I am not sure if Marcello is a repressed homosexual but he is clearly a repressed bisexual who is very ashamed and embarrassed about it. Lino the chauffeur in his childhood has a certain female allure with his long hair and his tender touches and caresses. Marcello's attraction for Anna is interesting because he has clearly fantasized about her before he even met her. Anna is the woman of Marcello's dreams and he admires everything about this woman because she is everything Marcello isn't. Anna is a strong-willed, intelligent thinker who fights for what she personally believes in; and would never conform herself to any government or human being. She also expresses several masculine traits and is clearly confident in her bi sexuality in which she proudly expresses with Marcello's wife most famously shown in the dancehall. Anna is the type of person who accepts her free sexuality not caring how society thinks of it, which is a clear contrast to Marcello who won't recognise his homosexual feelings and chooses to not accept them. In many ways the character traits that Marcello embodies is similar to the character traits of the character of Michael Corleone in Frances Ford Coppola's masterpiece The Godfather which was released two years later (and which The Conformist clearly had much of an influence on.) The Godfather is another story in which the central character is faced with trying to not be different and conforming to be like the rest of his family; in which overtime makes him a soulless and loathing character.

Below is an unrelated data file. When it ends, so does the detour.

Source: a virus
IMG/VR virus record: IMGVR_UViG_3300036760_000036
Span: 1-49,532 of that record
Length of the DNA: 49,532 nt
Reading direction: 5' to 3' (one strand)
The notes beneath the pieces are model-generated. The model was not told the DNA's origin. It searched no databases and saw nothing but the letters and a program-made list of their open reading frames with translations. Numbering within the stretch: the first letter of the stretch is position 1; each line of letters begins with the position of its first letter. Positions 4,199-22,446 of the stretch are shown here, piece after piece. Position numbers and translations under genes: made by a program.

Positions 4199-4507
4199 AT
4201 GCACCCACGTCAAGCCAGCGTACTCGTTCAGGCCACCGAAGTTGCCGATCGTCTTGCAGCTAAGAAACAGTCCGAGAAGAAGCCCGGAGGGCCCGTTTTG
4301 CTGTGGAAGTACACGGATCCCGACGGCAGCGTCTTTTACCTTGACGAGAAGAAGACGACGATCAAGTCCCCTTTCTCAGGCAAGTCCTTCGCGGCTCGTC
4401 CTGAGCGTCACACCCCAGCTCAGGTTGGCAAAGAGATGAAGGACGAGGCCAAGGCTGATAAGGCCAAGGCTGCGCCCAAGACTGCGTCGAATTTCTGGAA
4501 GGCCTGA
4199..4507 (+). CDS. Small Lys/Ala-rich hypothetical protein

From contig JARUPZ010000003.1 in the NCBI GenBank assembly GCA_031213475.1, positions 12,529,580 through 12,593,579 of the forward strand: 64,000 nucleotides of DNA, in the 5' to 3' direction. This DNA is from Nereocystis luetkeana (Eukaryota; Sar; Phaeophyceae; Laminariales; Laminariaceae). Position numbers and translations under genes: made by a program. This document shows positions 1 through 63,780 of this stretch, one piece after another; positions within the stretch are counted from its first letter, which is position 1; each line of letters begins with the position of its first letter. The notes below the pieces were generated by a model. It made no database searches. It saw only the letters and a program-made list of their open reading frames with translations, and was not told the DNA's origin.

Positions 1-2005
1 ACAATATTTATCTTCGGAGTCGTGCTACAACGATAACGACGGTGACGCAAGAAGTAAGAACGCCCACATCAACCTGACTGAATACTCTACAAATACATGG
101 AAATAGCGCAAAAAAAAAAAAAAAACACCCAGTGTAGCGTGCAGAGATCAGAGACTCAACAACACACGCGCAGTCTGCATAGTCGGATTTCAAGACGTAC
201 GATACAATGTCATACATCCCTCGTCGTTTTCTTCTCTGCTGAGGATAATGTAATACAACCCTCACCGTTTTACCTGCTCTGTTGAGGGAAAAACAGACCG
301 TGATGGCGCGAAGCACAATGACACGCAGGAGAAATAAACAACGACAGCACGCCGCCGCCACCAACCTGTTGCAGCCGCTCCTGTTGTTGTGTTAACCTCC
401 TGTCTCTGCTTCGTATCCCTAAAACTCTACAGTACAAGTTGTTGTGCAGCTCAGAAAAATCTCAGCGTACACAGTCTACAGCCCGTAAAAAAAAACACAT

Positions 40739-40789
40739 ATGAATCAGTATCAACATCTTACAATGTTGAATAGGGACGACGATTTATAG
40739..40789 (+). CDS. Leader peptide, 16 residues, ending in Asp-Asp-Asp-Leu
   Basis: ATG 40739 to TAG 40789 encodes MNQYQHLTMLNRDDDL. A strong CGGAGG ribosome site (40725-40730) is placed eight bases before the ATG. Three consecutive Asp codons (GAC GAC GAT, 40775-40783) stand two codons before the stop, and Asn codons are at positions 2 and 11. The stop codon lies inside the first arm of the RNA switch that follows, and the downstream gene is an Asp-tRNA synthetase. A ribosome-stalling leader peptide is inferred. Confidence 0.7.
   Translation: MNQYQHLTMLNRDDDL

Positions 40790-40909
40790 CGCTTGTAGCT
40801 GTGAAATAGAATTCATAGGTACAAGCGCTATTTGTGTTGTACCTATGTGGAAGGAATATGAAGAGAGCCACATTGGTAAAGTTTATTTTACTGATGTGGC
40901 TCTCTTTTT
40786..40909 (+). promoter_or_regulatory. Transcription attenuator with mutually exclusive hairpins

Bertolucci always focused on themes of complex Freudian sexual interpretation and focuses it in many of his other films; most famously in Last Tango in Paris. In one of the most interesting visually striking scenes of the film where Marcello and his mother visit his father in a mental asylum (which looks more like a surreal Greek courtyard arena), Marcello seems to go on a rant on the crimes his father committed in the past which sound very similar to the crimes the Fascist government are accused of committing. Bertolucci had said in an interview that "movies that I had made before the Conformist were movies, directly, straight from life. And the Conformist, I think now, was more a movie coming from cinema." Besides Last Tango in Paris, Bertolucci never again made a film so masterful, challenging, and beautiful. Critic James Berardinelli wrote a review of the Conformist writing, "Storaro and Bertolucci have fashioned a visual masterpiece in The Conformist, with some of the best use of light and shadow ever in a motion picture. This isn't just photography, it's art — powerful, beautiful, and effective. There's a scene in the woods, with sunlight streaming between trees, that's breathtaking to behold — and all the more stunning because of the brutal events that take place before this background." Kevin Thomas, of the Los Angeles Times said, "In this dazzling film, Bertolucci manages to combine the bravura style of Fellini, the acute sense of period of Visconti and the fervent political commitment of Elio Petri — and, better still, a lack of self-indulgence...The Conformist, which memorably costars Dominique Sanda as a sexually ambiguous beauty, is not merely an indictment of fascism — with some swipes at ecclesiastical hypocrisy as well — but also a profound personal tragedy." The Conformist is considered one of the most beautifully shot films of all time and is now considered one of the greatest films in the world ranked #85 in Empire magazines "The 100 Best Films Of World Cinema" in 2010. The Conformist is a timeless classic and it says more truth about politics, sexuality and the common ordinary man then most films combined. Marcello is a coward of a character that will throw other people under the bus to protect himself to get ahead in life. He is a empty shell of a man who will never live a happy honest life because he can never be happy and honest with himself. Sadly there are a lot of people who are very similar to the character of Clerici Marcello; in which they mindlessly go towards the popular trend or what society at that moment is currently interested in. Many people will usually have others or the media make the decisions for themselves and will agree with others opinion on what is right or wrong without doing their own research and clearly thinking for themselves. Sadly most people live their life not knowing they are probably following the typical generalizations of their race and culture. A lot of people choose to listen to the same music as everyone else depending on there demographic, will mindlessly believe in the religion they were raised up on as a child, will usually vote for the same politicians as their friends and family and do whatever they can to be accepted and fit in within there chosen group of friends, class and society. Very rarely does an individual look outside of the box and open there minds up to different things or different points of views; which unfortunately makes most people predictable mindless drones.